While most music producers, as brilliant and innovative as they may be, often stay in the shadow of the artists that they help develop, there seems to be an exception in the hip-hop and rap industries. Successful producers such as Dr. Dre, Timbaland, or Sean Combs (P. Diddy), are also widely recognized for their personal background, edgy personalities, and presence in the public sphere. Michael Conner is no different. At age 22, the Los Angeles native went from traumatized gang member to rising music producer and manager, all the while giving back to the one organization that saved his life.
I know itâ€™s a bit of a sensitive subject, but can you talk a little bit about your childhood and early teenage years?
Sure. When I was nine, I joined one of the most prominent gangs of Los Angeles and quickly became involved in the drug business. At the age of thirteen, I witnessed the murder of both my girlfriend and her brother, who happened to be my best friend. I was the one targeted during that shooting but ended up without a scratch… So then I decided to go to Homeboy Industries, on the verge of leaving this lovely planet, and they helped me out from there. They gave me the opportunity to be something other than a bad person.
What is Homeboy Industries and what exactly do they do?
Homeboy Industries is a nonprofit organization. It is basically a gang rehabilitation center in downtown Los Angeles run by Father Greg that helps former and current gang members with their issues if they need help with counseling, legal services, tattoo removals, job placement… all the things to put them back to be outstanding people in society.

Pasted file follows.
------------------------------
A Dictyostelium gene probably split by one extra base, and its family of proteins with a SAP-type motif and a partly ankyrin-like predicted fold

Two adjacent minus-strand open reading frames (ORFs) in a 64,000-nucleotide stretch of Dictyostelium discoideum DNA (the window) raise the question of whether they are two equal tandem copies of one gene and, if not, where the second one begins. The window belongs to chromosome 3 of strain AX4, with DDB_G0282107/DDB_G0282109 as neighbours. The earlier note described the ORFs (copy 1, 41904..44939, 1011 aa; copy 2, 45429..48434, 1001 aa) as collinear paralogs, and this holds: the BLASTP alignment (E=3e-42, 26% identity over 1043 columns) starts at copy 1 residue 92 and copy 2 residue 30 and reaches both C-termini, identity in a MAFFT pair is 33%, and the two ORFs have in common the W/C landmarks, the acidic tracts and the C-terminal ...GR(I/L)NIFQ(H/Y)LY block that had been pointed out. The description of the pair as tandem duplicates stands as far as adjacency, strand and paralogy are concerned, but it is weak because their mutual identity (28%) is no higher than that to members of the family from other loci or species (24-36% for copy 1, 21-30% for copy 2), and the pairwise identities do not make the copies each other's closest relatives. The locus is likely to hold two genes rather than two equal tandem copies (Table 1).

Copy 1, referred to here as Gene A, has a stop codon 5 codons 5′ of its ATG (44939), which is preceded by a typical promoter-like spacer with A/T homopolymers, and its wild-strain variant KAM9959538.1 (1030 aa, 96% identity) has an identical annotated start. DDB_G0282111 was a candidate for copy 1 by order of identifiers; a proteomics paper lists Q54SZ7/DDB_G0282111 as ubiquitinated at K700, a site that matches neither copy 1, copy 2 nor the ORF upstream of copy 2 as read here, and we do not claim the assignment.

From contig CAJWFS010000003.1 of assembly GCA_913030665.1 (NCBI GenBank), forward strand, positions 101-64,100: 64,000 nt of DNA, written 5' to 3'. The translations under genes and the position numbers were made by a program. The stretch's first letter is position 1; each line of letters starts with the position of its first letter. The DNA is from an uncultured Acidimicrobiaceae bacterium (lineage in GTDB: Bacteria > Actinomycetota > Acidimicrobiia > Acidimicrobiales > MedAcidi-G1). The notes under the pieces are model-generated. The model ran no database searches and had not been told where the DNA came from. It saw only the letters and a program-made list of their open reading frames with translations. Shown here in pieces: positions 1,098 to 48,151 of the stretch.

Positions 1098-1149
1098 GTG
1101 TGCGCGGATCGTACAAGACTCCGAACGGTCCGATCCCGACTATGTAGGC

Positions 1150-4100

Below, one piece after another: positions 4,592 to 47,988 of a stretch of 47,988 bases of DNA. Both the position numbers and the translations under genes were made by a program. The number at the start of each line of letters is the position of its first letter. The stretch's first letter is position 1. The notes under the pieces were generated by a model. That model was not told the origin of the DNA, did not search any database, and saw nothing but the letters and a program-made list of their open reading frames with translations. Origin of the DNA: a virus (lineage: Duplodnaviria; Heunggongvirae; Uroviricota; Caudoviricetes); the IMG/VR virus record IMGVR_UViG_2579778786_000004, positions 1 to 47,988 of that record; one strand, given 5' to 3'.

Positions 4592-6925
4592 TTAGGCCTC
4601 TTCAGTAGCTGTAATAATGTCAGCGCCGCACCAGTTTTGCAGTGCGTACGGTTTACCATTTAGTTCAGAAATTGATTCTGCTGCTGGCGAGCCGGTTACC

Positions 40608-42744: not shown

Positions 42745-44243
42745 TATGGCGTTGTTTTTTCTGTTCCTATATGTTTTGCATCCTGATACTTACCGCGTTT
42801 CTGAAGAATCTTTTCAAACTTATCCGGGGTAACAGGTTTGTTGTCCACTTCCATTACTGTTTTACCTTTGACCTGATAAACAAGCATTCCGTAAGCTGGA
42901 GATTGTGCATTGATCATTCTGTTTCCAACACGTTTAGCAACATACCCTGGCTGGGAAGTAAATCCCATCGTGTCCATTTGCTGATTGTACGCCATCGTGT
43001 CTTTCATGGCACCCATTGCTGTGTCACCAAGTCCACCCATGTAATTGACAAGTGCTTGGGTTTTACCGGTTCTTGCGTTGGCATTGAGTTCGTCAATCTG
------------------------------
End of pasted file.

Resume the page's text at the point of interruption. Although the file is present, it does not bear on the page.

What was your general state of mind when you came to Homeboy Industries as a teenager?
I didnâ€™t want to do too much, but I obviously wanted to change. Music had always been my passion, so I spoke to Father Greg and told him that I wanted to work in the industry. During the course of the next few years, he managed to place me at different incredible labels such as Capitol, Avatar, and Universal. I did a little bit of everything, such as A&R (artist and repertoire), signing new talent, being director of video promotion, working on online broadcast stations, or doing street team promotion in major U.S. cities. Everything! It was great… I gained all the knowledge that I needed from those great internships and then eventually decided to do my own thing.
You didnâ€™t want to work your way up in big record labels like Capitol Records?
No, I wanted to be my own boss. I decided that it would be amazing if I had my own company. I mean, over the years, I had helped bring in millions of dollars to these other record labels, so there were no reasons why I couldnâ€™t do it myself…
Thatâ€™s actually a good transition. Let’s talk about your company, MIH Entertainment Group. What is the idea behind it and when did you start it?